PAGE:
ONDON (Jan. 26)
If the Palestine war is resumed it will be “impossible” for Britain to remain “indifferent and inactive,” Foreign Secretary Ernest Bevin warned today during the course of a debate on Palestine in the House of Commons.
At the same time, he declared that British de facto recognition of the Israeli Government will not be announced until Britain receives replies from its Dominions and the Benelux nations with whom it has consulted on the problem. The answers, he said, are expected within a few days.
The Foreign Secretary stated that he understood that President Truman endorses the proposition that if the Jews keep all of Galilee, Jaffa and other areas assigned to the Arabs they must surrender territory elsewhere. He added that following the Israeli incursion into Egyptian territory the President made representations “as emphatic as the action which we took.”
Bevin also said that the British planes had the right to fly over Egypt “where the Jewish forces had no right to be.” He insisted that Britain has not tried nor tore anything to “undo” Israel, which he said is a “fact.” Simultaneously, he declared that the British Government will not be deterred “one inch” from its policy of supporting all resolutions of the U.N. Security Council on the Palestine situation.
CHURCHILL CHARGES BEVIN WITH PREJUDICE AGAINST PALESTINE JEWS
Winston Churchill severely criticized Bevin’s Palestine policy. He charged Bevin with being prejudiced against the Jews of Palestine and described the emergence of the Jewish state as a significant event in world history. By refusing recognition to Israel, Britain finds herself regarded as the bitterest enemy of the Jewish state, he said.
“There has never been the slightest comprehension of the Palestine problem by the Foreign Secretary, nor will he take any advice, “Churchill stated. He recalled that British recognition of Israel was urged six weeks ago.
“The Foreign Secretary,” Churchill continued, “was wrong in facts, wrong in methods, and wrong in results. We have lost the friendship of the Palestine Jews for the time being.” Churchill emphasized that both the Jews and the Arabs must have access to the Gulf of Aqaba. Be urged that a British force remain Aqaba until the question is decided by the United Nations and the decision is accepted and obeyed by the Jews and the Arabs.
Referring to Bevin’s remarks that the Jews had invaded Egypt, Churchill asked Whether the Egyptians had not first invaded Palestine. The British policy in Palestine has made Britain “a mockery and a scapegoat,” and deprived Britain of the credit with she earned in relation to Palestine, the former Prime Minister charged.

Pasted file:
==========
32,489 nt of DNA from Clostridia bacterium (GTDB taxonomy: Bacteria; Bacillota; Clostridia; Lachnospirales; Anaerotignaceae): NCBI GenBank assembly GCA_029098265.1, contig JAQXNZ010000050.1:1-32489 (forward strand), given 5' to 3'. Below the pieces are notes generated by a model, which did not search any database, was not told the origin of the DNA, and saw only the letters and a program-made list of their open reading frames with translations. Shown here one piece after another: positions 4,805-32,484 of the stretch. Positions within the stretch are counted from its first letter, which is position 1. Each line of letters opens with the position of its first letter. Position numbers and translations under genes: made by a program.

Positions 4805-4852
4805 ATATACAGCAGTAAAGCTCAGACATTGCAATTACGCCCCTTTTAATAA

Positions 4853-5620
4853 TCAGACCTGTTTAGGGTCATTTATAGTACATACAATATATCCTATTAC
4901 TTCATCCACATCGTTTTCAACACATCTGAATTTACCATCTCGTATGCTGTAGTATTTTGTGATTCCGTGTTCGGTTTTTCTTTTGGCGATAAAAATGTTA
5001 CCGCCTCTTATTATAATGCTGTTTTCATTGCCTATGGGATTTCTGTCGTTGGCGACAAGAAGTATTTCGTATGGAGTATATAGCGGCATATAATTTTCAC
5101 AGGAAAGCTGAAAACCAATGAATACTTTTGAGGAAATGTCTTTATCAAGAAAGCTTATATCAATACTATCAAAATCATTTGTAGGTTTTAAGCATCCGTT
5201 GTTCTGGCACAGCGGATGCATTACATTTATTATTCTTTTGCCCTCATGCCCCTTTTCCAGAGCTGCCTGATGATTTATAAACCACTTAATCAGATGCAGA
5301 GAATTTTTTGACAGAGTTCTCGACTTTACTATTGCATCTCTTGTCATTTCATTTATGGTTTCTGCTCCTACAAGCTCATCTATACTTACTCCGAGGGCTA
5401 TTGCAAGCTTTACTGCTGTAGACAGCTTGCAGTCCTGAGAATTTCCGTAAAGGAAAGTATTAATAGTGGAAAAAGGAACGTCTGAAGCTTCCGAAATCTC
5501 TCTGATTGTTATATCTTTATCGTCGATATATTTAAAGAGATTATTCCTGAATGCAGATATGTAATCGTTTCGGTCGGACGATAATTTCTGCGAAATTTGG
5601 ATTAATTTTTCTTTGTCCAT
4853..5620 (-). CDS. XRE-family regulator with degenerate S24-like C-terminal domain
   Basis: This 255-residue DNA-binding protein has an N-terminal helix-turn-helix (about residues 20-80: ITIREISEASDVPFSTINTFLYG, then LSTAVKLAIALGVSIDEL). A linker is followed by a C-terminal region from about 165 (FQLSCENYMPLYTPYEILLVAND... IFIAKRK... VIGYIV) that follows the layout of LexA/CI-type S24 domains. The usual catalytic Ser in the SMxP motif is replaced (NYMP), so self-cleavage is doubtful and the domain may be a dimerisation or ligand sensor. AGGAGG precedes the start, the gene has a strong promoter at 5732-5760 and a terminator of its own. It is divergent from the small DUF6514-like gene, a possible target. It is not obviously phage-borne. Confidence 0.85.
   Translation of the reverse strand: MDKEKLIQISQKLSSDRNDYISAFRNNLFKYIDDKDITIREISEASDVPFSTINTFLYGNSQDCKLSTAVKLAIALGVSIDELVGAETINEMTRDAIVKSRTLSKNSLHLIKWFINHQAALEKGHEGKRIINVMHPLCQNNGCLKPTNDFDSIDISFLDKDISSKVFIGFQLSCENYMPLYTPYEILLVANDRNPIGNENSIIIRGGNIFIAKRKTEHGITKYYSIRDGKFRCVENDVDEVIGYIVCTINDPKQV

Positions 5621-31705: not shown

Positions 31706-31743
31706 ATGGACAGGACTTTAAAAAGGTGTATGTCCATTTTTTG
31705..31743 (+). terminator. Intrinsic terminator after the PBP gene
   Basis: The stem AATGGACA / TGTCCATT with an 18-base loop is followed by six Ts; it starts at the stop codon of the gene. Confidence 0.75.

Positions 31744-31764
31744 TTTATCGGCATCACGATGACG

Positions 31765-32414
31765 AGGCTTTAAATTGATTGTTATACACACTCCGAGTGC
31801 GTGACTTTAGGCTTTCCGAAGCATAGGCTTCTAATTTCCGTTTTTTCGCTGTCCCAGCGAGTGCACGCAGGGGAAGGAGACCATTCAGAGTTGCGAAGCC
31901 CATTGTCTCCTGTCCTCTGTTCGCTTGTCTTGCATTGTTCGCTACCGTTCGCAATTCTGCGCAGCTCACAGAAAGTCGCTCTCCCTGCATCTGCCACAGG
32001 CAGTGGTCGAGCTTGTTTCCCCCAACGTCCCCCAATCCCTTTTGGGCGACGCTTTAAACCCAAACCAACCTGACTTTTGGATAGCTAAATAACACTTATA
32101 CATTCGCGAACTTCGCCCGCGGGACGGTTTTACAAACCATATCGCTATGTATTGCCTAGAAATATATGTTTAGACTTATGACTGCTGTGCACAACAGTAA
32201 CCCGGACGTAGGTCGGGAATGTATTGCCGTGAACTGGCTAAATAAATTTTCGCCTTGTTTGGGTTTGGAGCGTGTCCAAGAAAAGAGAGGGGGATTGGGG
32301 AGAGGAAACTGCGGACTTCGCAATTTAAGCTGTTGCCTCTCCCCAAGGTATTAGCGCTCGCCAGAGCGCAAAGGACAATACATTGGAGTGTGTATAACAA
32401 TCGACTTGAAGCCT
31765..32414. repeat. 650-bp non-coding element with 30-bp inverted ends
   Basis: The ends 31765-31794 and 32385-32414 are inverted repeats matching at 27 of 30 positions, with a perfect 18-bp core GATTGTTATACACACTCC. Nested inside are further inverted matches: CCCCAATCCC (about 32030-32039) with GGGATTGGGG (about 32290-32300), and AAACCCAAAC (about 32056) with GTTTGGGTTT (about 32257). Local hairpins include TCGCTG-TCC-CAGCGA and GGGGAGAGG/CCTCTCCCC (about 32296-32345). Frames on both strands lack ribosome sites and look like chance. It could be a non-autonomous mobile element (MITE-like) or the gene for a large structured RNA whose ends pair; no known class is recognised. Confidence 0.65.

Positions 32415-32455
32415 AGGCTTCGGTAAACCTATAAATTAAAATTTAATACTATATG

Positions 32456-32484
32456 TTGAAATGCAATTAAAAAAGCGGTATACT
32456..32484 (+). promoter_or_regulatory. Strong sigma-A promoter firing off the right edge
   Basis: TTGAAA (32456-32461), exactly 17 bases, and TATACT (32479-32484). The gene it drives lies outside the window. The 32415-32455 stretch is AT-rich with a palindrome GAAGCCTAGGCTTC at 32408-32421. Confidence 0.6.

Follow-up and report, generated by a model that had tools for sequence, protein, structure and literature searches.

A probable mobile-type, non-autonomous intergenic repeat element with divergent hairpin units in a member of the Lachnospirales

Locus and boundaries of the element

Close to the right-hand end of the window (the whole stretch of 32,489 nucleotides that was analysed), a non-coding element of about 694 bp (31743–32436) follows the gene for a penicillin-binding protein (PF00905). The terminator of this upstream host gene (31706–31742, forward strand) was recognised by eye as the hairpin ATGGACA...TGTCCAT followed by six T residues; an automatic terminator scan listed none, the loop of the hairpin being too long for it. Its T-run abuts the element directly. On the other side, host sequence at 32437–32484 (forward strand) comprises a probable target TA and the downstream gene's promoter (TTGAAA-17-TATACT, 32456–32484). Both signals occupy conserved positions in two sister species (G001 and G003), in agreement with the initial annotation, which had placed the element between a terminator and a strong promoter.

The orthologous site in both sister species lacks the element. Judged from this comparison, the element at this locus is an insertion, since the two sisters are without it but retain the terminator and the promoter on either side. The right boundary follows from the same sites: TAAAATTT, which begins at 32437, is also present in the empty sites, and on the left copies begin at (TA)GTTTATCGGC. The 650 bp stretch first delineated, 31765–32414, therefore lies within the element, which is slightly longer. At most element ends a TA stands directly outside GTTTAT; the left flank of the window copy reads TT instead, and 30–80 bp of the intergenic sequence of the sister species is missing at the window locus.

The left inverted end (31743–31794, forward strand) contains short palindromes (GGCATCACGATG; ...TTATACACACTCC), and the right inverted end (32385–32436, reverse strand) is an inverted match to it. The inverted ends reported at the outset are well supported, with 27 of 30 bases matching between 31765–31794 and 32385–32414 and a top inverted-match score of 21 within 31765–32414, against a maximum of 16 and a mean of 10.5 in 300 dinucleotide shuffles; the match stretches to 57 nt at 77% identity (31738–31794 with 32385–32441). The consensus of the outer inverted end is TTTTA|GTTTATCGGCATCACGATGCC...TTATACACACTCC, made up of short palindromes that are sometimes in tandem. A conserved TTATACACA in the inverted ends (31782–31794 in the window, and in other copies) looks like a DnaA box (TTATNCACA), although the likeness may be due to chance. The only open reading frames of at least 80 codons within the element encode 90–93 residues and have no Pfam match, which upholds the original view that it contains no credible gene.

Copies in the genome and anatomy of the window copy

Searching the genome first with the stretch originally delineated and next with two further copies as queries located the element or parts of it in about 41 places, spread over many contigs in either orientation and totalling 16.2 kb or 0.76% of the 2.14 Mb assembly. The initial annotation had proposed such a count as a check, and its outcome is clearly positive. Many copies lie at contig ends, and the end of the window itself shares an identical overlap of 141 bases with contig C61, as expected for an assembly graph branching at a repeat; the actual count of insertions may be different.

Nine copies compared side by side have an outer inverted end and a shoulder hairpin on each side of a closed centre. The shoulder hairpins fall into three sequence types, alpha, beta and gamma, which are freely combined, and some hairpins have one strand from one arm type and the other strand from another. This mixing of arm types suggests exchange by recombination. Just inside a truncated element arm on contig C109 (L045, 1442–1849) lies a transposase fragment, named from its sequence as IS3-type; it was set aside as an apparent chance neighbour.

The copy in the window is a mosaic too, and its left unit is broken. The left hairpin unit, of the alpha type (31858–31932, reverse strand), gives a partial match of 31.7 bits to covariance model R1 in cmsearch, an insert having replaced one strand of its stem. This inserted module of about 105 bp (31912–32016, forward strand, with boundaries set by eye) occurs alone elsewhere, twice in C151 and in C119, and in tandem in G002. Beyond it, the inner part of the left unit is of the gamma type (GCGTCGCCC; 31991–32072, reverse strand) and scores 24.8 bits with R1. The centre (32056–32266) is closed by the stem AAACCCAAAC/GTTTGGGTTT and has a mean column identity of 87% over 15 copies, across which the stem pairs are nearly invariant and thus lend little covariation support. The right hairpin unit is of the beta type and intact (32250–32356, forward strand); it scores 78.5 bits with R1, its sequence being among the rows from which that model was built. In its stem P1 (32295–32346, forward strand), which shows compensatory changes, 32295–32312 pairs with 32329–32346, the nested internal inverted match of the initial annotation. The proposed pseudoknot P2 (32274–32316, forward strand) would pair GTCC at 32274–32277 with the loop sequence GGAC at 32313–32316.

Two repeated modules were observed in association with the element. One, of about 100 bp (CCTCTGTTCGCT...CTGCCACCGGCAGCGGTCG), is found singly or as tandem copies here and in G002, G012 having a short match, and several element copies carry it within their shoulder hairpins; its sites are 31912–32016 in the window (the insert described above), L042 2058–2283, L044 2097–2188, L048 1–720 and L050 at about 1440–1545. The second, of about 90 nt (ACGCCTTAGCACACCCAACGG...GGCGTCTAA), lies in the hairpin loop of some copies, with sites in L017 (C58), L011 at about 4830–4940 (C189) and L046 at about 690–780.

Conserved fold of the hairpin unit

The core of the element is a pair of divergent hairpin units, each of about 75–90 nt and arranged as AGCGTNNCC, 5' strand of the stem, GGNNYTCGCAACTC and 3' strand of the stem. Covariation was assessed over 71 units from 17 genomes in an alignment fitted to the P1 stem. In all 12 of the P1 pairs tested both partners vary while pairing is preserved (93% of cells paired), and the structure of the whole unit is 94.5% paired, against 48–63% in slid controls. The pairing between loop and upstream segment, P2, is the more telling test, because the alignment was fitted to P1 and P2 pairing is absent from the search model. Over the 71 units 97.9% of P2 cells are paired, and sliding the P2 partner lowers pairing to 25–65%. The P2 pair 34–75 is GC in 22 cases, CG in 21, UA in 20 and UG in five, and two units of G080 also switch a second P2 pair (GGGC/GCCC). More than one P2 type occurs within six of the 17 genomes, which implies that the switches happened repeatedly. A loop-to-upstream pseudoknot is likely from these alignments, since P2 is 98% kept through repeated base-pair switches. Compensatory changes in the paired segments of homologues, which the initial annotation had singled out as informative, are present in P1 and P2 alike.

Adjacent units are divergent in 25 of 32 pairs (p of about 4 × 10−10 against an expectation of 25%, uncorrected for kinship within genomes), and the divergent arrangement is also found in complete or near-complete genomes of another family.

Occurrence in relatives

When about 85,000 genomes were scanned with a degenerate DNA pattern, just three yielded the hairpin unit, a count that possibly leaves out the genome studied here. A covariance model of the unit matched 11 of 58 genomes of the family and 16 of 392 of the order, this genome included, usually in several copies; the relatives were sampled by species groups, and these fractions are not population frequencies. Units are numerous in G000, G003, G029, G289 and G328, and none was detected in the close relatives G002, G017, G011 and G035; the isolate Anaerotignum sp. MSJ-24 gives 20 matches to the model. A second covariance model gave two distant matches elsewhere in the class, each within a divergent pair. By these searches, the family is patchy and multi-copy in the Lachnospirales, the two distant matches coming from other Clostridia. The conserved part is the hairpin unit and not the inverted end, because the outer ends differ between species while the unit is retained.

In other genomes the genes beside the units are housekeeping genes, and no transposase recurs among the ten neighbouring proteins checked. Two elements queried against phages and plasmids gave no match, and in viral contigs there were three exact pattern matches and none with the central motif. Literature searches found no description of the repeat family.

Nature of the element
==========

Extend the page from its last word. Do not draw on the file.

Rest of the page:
BRITAIN AND U.S. AGREE ON ECONOMIC POLICY FOR MIDDLE EAST. BEVIN SAYS
In the course of his speech, Bevin asserted that the United Kingdom was-obligated to maintain security and stability in the Middle East. He declared that for a long time Britain and the United States have seen eye to eye on a policy for increasing the economic well-being of the Middle East. Everything will be done to prevent the “Balkanization” of the Middle East and to see that it does not become the scene of internal dissension and rivalry, he stated.
In an attempt to avoid responsibility for the Palestine situation, Bevin declared that “this government did not create the Palestine problem. I do not want to create controversy,” he insisted, “but ever since I have had anything to do with it I have been conscious that the Balfour Declaration promised the same thing to two peoples.” The Nazi persecution of the Jews created a new situation after the war, forcing the Palestine (Mandate) Government to take costly and unwelcome measures to control increased immigration. The Balfour Declaration promised a national home, but the demand for a state intensified the conflict with the Arabs.”
In a statement prior to the debate, Arthur Henderson, Air Minister, refused to give any guarantees that there would “be no further air reconnaissance flights such as the one in which five R.A.F. planes were shot down over Israeli territory January 7. He denied that on the flight the British plane were accompanied by Egyptian aircraft. Referring to acting mediator Ralph J. Bunche’s denial that the mediator’s office had been consulted by the British before the flights were made, Henderson said that the discussions took place with the late Count Folke Bernadette, who was assassinated on September 17, 1948.